Cordukes estimates that 95 per cent of his students, including those studying at both the academic and applied levels, have computers at home. "Those who don't, have access at school, so access is not a problem."
Case studies are also found on the site. These, it is noted, illustrate how the theory of science class is carried out in actual situations. The case study on tracking and position, for example, provides a chance to practise vector work in tracking Nate, the peregrine falcon, and to ask broader questions about the implications and limitations of science in real life.
The web site site also offers practice tests. Although Cordukes doesn't have hard data to prove that his students are doing better using these tests, he knows they are. "I see a strong correlation between the students who do well and those who use the tests. If students are disappointed with their test results, I encourage them to try the practice tests. They have become another tool we use to help our students succeed."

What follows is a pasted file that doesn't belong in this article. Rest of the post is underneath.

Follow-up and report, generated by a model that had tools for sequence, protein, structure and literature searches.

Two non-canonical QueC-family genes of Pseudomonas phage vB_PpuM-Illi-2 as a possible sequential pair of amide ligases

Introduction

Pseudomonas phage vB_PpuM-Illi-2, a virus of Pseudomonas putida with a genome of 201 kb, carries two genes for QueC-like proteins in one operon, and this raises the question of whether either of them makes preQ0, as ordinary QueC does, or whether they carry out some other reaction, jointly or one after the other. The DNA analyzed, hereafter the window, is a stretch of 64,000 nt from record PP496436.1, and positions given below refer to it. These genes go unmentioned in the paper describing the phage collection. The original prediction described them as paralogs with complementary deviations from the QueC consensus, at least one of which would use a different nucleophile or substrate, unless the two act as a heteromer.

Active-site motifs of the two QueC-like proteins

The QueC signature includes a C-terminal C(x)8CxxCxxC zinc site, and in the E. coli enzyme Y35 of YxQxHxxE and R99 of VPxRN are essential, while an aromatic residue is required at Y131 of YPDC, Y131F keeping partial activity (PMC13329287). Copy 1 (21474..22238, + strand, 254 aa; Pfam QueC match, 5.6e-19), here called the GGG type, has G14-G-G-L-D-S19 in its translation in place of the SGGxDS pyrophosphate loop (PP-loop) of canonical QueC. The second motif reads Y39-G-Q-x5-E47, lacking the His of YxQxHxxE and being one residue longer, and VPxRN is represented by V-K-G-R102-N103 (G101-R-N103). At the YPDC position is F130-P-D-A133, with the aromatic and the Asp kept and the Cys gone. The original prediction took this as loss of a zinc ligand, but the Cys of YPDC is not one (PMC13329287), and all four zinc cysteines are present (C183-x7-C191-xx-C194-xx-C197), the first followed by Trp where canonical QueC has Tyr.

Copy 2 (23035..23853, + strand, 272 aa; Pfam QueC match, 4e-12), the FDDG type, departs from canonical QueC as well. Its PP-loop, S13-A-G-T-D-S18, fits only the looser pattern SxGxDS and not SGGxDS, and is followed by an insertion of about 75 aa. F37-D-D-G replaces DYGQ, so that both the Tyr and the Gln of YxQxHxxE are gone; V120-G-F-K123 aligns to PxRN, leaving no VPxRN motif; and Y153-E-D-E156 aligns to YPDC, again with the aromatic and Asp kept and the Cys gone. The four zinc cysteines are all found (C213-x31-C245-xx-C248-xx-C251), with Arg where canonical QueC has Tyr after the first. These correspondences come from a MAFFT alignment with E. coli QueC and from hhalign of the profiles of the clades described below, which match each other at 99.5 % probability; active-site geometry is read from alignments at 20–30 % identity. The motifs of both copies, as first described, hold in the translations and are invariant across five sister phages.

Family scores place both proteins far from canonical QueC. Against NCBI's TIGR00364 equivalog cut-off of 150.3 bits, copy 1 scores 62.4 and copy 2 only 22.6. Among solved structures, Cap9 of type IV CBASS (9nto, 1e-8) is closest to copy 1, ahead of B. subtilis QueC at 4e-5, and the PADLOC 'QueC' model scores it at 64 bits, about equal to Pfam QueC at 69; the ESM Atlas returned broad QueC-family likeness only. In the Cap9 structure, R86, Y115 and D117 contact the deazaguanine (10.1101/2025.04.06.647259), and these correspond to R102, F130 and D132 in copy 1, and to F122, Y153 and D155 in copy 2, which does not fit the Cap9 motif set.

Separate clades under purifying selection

Cordukes explains another important benefit of posting practice tests. "It's sometimes difficult for parents to help their children study for the high school curriculum. With these tests, they can work together to complete the questions and review the answers, which are also available on the site."
A popular area of the web site includes crossword puzzles, which students use to review, study and earn bonus marks. Cordukes has found that students are more likely to start studying early for unit tests when they use the on-line crossword puzzles. And again, activities like this help his students succeed and stay motivated, especially when bonus marks are offered.
Student and parent access